Santos has unveiled the extent of a cost blowout at its landmark liquid natural gas project after lengthy court delays, but an expert warns the risk of further overruns remain.
The Adelaide-based fossil fuel producer on Thursday announced its Barossa gas project in the Timor Sea would incur an extra $US200-300 million ($A304-456 million) in capital expenditure costs.
Santos began laying pipe and resumed drilling at the 3.7 million tonnes per annum gas field in December after extensive delays.
Tiwi Island traditional owner Simon Munkara in 2023 lodged civil enforcement proceedings against Santos in the Federal Court, claiming construction of its gas export pipeline would put at risk his cultural heritage.
Justice Natalie Charlesworth granted an emergency interim injunction stopping work from beginning on the pipeline hours before it was due to start in early November, but in December dismissed the Tiwi Islanders' case and awarded costs to Santos.
A few days later, the National Offshore Petroleum Safety and Environmental Management Authority accepted Santos's updated drilling proposal.
In its December quarter results update, the company advised the project was expected to begin producing first gas in the third quarter of 2025, a delay of about three months.
The total cost of the project is now expected to come in at $US4.5-4.6 billion.
MST Financial energy analyst Saul Kavonic said the five per cent cost blowout came just weeks after Santos said the project was on budget and schedule.
"It would be my view that there is still a very acute risk of further cost blowouts and further delays beyond what was announced today," Mr Kavonic told AAP.
Santos chief executive Kevin Gallagher also provided an update on merger talks with Australia's largest oil and gas company, Woodside, saying discussions are in an early stage.
"The parties have agreed to exchange information to assess the benefits for our shareholders," he said.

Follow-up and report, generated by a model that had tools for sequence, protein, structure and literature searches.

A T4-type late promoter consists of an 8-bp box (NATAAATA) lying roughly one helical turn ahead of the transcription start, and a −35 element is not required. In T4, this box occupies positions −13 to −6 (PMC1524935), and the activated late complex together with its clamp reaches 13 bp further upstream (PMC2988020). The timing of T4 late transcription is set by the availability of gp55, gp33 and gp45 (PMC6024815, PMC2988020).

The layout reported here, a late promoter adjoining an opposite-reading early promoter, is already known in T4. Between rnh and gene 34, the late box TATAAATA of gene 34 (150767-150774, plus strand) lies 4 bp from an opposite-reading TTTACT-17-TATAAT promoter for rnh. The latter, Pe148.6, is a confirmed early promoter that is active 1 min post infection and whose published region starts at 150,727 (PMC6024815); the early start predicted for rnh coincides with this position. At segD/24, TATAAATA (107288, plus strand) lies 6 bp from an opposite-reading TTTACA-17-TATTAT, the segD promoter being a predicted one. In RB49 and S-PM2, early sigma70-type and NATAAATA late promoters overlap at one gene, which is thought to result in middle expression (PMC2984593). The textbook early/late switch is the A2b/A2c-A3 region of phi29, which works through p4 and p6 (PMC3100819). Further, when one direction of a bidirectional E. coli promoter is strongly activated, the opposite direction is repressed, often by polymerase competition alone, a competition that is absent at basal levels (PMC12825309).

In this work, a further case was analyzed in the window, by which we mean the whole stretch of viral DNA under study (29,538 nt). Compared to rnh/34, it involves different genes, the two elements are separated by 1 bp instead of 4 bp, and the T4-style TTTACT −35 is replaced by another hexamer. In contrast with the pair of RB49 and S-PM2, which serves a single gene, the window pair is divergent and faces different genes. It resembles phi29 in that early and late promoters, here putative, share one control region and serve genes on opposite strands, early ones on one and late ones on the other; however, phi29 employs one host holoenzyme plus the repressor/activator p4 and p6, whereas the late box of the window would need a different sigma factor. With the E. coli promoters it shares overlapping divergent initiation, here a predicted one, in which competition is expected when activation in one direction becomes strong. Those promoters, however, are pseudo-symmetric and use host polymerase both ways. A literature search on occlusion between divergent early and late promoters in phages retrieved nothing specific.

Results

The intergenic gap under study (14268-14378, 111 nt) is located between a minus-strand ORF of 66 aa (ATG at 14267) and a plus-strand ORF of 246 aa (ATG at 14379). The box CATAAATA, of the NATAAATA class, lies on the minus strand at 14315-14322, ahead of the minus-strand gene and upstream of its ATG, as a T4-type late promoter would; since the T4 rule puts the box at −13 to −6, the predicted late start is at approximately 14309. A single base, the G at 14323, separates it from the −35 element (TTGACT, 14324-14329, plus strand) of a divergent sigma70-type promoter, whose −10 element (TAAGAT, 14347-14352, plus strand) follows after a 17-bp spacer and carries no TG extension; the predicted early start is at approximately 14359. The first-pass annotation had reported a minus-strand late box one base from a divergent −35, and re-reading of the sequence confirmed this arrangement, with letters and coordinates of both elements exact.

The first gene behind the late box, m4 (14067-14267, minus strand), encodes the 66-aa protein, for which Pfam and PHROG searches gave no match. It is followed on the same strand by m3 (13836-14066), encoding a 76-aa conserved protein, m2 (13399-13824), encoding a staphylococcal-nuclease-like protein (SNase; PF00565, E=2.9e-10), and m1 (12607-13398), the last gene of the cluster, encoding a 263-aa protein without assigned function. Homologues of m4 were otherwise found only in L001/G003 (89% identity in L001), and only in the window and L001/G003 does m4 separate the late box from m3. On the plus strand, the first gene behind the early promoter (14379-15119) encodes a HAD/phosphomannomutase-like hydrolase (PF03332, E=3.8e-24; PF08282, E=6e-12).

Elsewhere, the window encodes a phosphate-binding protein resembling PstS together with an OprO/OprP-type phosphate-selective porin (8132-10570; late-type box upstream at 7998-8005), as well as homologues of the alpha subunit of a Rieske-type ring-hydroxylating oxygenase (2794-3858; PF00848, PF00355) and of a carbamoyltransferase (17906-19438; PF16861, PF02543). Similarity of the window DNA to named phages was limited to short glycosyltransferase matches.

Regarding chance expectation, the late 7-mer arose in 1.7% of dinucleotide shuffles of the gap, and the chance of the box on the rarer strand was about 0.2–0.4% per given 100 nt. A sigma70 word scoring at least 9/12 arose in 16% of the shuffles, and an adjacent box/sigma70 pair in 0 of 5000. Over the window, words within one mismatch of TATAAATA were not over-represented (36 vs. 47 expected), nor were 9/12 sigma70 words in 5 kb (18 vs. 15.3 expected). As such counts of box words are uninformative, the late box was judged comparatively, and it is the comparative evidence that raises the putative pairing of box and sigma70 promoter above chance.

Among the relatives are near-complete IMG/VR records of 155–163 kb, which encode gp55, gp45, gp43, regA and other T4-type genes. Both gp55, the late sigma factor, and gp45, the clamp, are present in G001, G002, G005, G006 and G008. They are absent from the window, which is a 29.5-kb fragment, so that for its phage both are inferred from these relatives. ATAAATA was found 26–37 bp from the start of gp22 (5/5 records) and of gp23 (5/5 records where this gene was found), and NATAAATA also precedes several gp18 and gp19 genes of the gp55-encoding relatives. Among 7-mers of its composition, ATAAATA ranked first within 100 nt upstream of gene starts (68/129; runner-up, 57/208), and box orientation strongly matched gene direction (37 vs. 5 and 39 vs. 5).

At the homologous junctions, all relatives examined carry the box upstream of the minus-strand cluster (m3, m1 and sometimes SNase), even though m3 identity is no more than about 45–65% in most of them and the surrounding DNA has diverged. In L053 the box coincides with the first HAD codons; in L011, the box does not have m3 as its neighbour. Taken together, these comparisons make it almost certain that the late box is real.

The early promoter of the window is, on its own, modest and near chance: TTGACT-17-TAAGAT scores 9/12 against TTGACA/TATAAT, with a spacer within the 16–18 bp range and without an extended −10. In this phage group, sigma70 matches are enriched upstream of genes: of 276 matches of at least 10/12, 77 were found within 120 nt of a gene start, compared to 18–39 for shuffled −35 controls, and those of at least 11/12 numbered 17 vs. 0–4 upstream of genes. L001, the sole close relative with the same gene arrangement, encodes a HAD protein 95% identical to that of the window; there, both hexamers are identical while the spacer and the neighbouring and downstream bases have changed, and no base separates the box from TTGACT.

"Santos continues to consider alternative options to accelerate value for shareholders.
"There is no certainty that any transaction will eventuate from these discussions."
Woodside CEO Meg O'Neill on Wednesday said the company will be disciplined, conduct due diligence and only pursue the deal if it added value to shareholders.
If the merger does not come to fruition, Santos's share price would be at real risk of degradation, Mr Kavonic said.
"Woodside doesn't need to do a deal but Santos has to do something in the wake of a lagging share price and mounting investor frustrations," he said.
Santos recorded $US1.5 billion in sales for the three months to the end of December, while production was slightly higher than the previous quarter at 23.4 million barrels of oil equivalent.
Alex Hillman, lead analyst of the Australasian Centre for Corporate Responsibility, said it was high time that Santos came clean on cost overruns that were due to its "own inability to comply with regulatory requirements deemed workable by the full Federal Court".
"This project was going to have cost and schedule overruns regardless of the Munkara decision," he said.
"Kevin Gallagher remains under significant pressure to pull a rabbit out of a hat over Santos' poor share price performance, whilst acknowledging that there is 'no certainty' that the merger talks with Woodside will progress to a transaction."
Santos shares were 0.8 per cent higher at $7.67 shortly before Thursday market close.
Jacob Shteyman - AAP